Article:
The Blue Jays -- picking No. 9 and No. 11 -- went for an interesting pair of college players. Toronto selected right-handed starter Jeff Hoffman out of the University of East Carolina with its earlier first-round selection, and then it came back to get power-hitting catcher Max Pentecost two picks later.
The Mets, who had taken a prep player with their top pick in each of the past three Drafts, settled on a more finished product this year. New York selected Michael Conforto -- the two-time Pac-12 Player of the Year -- with the 10th pick. Conforto logged a .504 on-base percentage as a junior.
Despite the early focus on prep talent, college players began to assert themselves midway through the first round. The pendulum swung for eight college players between picks No. 11 and No. 20, with prep pitchers Kodi Medeiros (No. 12) and Touki Toussaint (No. 16) standing as the exceptions.
The Padres selected offensive shortstop Trea Turner -- a college teammate of Rodon's at N.C. State -- with pick No. 13. And right after Turner went off the board, the Giants and the Angels selected standout college pitchers Tyler Beede (No. 14) and Sean Newcomb (No. 15).
The Nationals took right-hander Erick Fedde out of UNLV at No. 18, a move that had at least one high-profile advocate. Bryce Harper, the top overall pick in the 2010 First-Year Player Draft, wrote on his Twitter account that he was thrilled to have Fedde with the Nationals.
"Congrats to fellow teammate of mine in high school @ErickFedde on being drafted by the @Nationals!" wrote Harper at his @Bharper3407 Twitter feed. "We got a great one DC!"
Two players with familiar surnames -- Casey Gillaspie and Bradley Zimmer -- went late in the first round. Gillaspie, brother of White Sox third baseman Conor Gillaspie, was drafted by the Rays with the 20th pick. The younger Gillaspie is a power-hitting first baseman from Wichita State University.
Zimmer, brother of Kyle Zimmer, the fifth overall selection in the 2012 First-Year Player Draft, was taken by Cleveland with the 21st pick on Thursday night. The younger Zimmer, an outfielder at the University of San Francisco, batted .368 with a .461 on-base percentage this season.
Several teams had the luxury of a second pick at the end of Thursday's first round.
Cincinnati took college reliever Nick Howard at No. 19, and then it came back for Stanford infielder Alex Blandino with pick No. 29. The Royals wound up with two arms; Kansas City picked college southpaw Brandon Finnegan at No. 17 and prep right-hander Foster Griffin at No. 28.
The Indians got Zimmer and later selected prep pitcher Justus Sheffield (No. 31). The Red Sox drafted prep stars Michael Chavis (No. 26) and Michael Kopech (No. 33), and the Cardinals, who had taken college pitcher Luke Weaver at No. 27, closed out the first round with prep arm Jack Flaherty.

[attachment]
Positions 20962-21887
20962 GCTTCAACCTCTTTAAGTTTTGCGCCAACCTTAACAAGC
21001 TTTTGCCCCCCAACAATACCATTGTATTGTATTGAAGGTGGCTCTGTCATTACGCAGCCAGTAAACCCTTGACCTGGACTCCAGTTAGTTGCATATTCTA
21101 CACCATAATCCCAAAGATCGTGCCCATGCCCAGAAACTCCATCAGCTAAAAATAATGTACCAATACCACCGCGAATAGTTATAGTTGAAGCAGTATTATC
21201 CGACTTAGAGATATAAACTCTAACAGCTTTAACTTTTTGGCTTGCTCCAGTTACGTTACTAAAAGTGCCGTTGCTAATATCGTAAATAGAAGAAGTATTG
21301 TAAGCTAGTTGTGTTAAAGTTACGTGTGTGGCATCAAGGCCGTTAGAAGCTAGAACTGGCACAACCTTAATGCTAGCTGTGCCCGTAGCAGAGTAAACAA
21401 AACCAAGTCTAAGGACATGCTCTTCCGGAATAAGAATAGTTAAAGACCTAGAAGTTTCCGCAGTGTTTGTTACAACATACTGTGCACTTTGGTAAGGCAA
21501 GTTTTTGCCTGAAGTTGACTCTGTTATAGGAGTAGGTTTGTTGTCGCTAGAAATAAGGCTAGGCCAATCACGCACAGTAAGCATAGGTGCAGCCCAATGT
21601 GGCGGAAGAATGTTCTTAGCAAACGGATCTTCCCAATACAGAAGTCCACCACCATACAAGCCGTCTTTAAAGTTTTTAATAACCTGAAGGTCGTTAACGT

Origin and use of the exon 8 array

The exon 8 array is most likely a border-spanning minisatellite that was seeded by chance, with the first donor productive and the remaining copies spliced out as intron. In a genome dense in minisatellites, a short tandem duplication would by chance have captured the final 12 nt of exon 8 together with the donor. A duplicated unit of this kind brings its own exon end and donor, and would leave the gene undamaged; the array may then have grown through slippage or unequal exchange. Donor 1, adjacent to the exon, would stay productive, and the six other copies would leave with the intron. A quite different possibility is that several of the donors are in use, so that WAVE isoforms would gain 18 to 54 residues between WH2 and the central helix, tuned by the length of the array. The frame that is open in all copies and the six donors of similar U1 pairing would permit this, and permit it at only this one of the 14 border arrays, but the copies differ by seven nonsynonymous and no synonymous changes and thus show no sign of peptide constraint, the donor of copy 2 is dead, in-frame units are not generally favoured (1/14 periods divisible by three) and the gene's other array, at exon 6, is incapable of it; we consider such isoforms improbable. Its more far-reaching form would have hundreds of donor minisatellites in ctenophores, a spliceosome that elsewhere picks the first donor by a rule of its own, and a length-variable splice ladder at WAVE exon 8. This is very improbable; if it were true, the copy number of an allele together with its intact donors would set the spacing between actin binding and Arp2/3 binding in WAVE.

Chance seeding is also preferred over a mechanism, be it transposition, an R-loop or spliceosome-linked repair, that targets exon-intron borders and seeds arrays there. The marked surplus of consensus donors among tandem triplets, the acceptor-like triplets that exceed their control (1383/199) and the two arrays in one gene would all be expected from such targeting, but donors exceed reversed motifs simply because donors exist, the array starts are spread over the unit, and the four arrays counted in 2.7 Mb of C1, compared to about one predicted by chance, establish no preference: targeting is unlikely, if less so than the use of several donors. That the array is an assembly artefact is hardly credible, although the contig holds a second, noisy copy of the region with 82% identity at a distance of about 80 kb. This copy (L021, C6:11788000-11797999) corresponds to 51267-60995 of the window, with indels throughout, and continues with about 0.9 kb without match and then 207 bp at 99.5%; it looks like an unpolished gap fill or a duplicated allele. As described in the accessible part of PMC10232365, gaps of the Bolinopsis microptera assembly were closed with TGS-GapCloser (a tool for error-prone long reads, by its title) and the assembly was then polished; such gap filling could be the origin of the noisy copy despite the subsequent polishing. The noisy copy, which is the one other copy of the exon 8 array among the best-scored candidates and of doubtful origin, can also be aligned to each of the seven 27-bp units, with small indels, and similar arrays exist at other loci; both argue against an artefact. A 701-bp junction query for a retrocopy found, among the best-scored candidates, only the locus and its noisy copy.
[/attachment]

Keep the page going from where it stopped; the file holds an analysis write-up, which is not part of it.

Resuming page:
The first round showed some interesting trends. Twenty of 34 picks were for pitchers, and the arms were split evenly between the college and prep ranks. Eight college hitters were taken, and just six prep hitters were selected.
After outfielder/catcher Jackson, the next prep outfielder selected -- Derek Hill from Elk Grove High School in California -- went No. 23 overall to the Tigers. Five shortstops -- Gordon, Turner, Chavis, Blandino and prep infielder Cole Tucker -- were taken in the top 30 picks Thursday, and four outfielders were taken in that span.
Only one first baseman -- Gillaspie -- was taken in the first round. Oakland draftee Matt Chapman, No. 25 overall, was the only first-rounder selected with the intention of playing third base professionally.
The Astros kicked off the second round with another interesting selection. Houston drafted A.J. Reed, a slugging first baseman, with the 42nd overall pick in the Draft. Reed, the Southeastern Conference Player of the Year, batted .336 with 23 home runs this year and also went 12-2 with a 2.09 ERA on the mound.
North Carolina State was the only team with two players selected in the first round on Thursday, but the University of Virginia had three players selected in the top 40. Howard went in the first round, and teammates Derek Fisher and Mike Papi went back to back in Competitive Balance Round A.
The Yankees did not make their first pick until the second round. New York selected college southpaw Jacob Lindgren out of Mississippi State University with the 55th overall selection. Lindgren made 26 relief appearances this season and logged a 6-1 record with an ERA of 0.81.
Grant Hockin, the grandson of Hall of Famer Harmon Killebrew, will get to chase his own big league dream. The Indians selected Hockin, a prep right-hander from California, with the 61st pick. Hockin had been ranked No. 91 on the MLB.com list of the Top 200 prospects.
The Orioles are the only big league team that did not make a selection on Thursday night.
The 2014 First-Year Player Draft runs through Saturday, with the top 74 picks being streamed on MLB.com and broadcast on MLB Network. MLB.com's exclusive coverage of the second and third days of the Draft will begin with a live Draft show at 12:30 p.m. ET on Friday.
Spencer Fordin is a reporter for MLB.com. This story was not subject to the approval of Major League Baseball or its clubs.